China Hi-Tech Fair highlights virtual reality and smart city solutions as start-ups focus on research, not robots
Technology projects focused on developing augmented reality (AR), virtual reality (VR), artificial intelligence (AI) and smart city solutions drew the most attention at this year’s China Hi-Tech Fair, while last year’s favourites – robots and drones – faded from the spotlight.
The six-day fair, which began in Shenzhen on Wednesday and is in its 18th year, is touted as a showcase for technological innovation as the country shifts its focus from manufacturing to high-tech research.
Government-backed Shenzhen tech companies focusing on AR, VR and AI development, such as Realis VR Entertainment, Protruly Vision and Royole Corporation, had the most visibility at the fair, which showcases 3,000 exhibitors and 10,000 projects.
The fair also designated an area for “smart city” technology, where companies like ZTE and Huawei promoted smart city solutions for Chinese cities, especially second and third-tier ones, seeking necessary technology to pursue sustainable urbanisation.
At the opening of the fair senior officials, including Shenzhen Mayor Xu Qin, assistant Minister of Commerce Zhang Ji and academic Lu Yongxiang from the Chinese Academy of Sciences, highlighted innovation as core for the future development of China.
“Technological innovation is pivotal to strategic economic improvement and deep industrial reform,” Xu said. “More effort should be put into exploring how to utilise technological innovation to cultivate new industries, thus realising a sustainable and healthy development of the regional economy.”
Intellifusion Technologies, a Shenzhen startup focused on AI and big data, has this year alone lured subsidies and funds worth more than 40 million yuan from the Shenzhen government and the city’s Longgang district government, according to its founder Chen Yun.
The two-year-old startup with a team of about 50 people was founded by Chen and Tina Dihong, two Chinese PhDs from Georgia Institute of Technology who worked in Silicon Valley up to 2014, before returning to China. The company’s intelligent cameras can recognise a person from the way they walk, or by just seeing a view of their back. The devices can also self-learn just like humans do from constant practice, said Chen.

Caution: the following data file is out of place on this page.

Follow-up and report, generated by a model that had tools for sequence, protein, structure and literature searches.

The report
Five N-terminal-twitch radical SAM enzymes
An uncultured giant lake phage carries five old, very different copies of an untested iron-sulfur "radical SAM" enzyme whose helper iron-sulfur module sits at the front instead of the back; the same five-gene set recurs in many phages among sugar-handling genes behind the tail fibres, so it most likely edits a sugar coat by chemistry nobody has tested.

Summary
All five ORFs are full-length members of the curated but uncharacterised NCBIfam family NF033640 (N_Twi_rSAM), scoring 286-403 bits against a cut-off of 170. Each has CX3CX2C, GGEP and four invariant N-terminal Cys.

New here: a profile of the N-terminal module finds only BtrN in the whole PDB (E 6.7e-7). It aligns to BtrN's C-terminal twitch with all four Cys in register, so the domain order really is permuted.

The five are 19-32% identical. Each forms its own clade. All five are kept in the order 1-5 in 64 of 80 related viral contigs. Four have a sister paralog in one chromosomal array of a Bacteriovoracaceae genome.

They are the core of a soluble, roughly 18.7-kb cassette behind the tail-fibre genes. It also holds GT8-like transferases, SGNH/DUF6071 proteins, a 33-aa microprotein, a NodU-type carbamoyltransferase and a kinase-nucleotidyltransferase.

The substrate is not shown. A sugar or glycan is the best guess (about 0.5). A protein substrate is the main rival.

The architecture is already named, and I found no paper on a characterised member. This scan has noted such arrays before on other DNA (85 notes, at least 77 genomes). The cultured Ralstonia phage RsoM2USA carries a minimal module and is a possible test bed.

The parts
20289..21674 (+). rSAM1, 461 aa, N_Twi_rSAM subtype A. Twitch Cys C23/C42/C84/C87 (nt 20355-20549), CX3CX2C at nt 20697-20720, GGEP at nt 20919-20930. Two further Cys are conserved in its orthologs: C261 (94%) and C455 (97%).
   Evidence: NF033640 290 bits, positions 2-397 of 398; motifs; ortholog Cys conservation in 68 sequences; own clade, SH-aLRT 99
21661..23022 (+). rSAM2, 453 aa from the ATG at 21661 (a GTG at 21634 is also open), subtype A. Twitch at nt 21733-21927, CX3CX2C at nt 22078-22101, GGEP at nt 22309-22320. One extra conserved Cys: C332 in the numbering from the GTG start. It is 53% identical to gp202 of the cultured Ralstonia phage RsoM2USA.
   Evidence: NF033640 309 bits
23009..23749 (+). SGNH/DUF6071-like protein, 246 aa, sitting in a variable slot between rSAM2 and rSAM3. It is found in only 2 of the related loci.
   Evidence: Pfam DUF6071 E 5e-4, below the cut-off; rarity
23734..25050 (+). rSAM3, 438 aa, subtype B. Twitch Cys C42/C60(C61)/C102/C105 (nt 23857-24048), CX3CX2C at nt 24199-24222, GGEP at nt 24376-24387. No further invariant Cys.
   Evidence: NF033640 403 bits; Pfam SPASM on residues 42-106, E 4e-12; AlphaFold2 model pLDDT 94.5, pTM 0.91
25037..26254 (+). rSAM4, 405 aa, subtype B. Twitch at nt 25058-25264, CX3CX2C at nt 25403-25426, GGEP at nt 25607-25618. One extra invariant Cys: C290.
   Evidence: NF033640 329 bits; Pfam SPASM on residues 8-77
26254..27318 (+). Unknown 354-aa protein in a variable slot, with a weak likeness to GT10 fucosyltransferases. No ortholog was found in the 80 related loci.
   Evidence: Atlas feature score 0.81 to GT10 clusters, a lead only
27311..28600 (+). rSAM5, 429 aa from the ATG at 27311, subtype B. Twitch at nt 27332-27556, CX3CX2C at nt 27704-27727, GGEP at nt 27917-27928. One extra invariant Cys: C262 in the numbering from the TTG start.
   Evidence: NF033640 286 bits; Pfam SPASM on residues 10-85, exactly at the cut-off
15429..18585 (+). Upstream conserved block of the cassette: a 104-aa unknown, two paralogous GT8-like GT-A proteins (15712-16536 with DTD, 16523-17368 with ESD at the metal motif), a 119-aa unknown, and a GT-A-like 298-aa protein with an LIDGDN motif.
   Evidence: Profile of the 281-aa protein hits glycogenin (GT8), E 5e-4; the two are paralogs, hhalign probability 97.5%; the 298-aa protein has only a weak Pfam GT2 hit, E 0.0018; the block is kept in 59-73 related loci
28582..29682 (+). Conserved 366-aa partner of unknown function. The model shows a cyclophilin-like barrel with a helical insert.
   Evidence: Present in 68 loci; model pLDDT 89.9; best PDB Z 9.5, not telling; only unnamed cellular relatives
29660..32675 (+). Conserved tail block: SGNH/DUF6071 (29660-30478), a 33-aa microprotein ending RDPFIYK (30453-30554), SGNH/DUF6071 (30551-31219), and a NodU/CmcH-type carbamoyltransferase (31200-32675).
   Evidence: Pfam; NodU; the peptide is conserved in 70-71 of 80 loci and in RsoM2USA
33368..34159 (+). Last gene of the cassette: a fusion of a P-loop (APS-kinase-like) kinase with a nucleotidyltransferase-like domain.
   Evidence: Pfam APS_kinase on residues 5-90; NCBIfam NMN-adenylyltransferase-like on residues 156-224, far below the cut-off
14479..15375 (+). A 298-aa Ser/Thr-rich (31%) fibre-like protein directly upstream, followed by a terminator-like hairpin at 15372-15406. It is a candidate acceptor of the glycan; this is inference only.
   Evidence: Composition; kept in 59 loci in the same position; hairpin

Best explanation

“The authorities are investing in and supporting the project [in a huge way]. Public security and anti-terrorism are sensitive and important issues to the authorities, so they don’t want to depend on overseas companies,” said Chen.
Starting this month, surveillance cameras in the Longgang district of Shenzhen will be embedded with intelligent chips designed by the company. The chips only need one or two seconds to locate an individual from a database of 300 million people once that person is in view of the camera lens. Every surveillance camera in Shenzhen will have this capability by 2018.
Another company at the fair, Royole Corporation, has developed a flexible, curved display screen with a thickness of about 0.01 mm to 0.1 mm. Earlier this month it announced its latest round of financing of 500 million yuan.
“Backed by the Shenzhen government, Royole is going to invest 10 billion yuan to build an industrial park in Longgang district for manufacturing the flexible display,” said Wang Jing, the company’s marketing manager, adding that construction will be completed in 2017.
“You can see AR, VR and AI becoming popular in the tech industry,” said Liu Ming, a Shenzhen-based IT engineer who goes to the fair every year. “[This year] is much better than last year’s hi-tech fair, which showed off robots that can cook and dance, wearable products and smart home devices.”
Industry executives noted that at last year’s fair every investor and tech manufacturer talked about next-generation consumer robots. “But we found that market was rather depressed in the past few months of this year,” said Wang Gang, a spokesman for Ingdan.com, which provides a one-stop supply-chain platform that links technology start-ups and entrepreneurs with contract electronics manufacturing partners in mainland China.
“Consumers seemed not interested in those consumer robots priced at 1,000 yuan or above. We suggest those startups try to sell their products to second-and-third tired cities priced at about 500 yuan,” Wang said.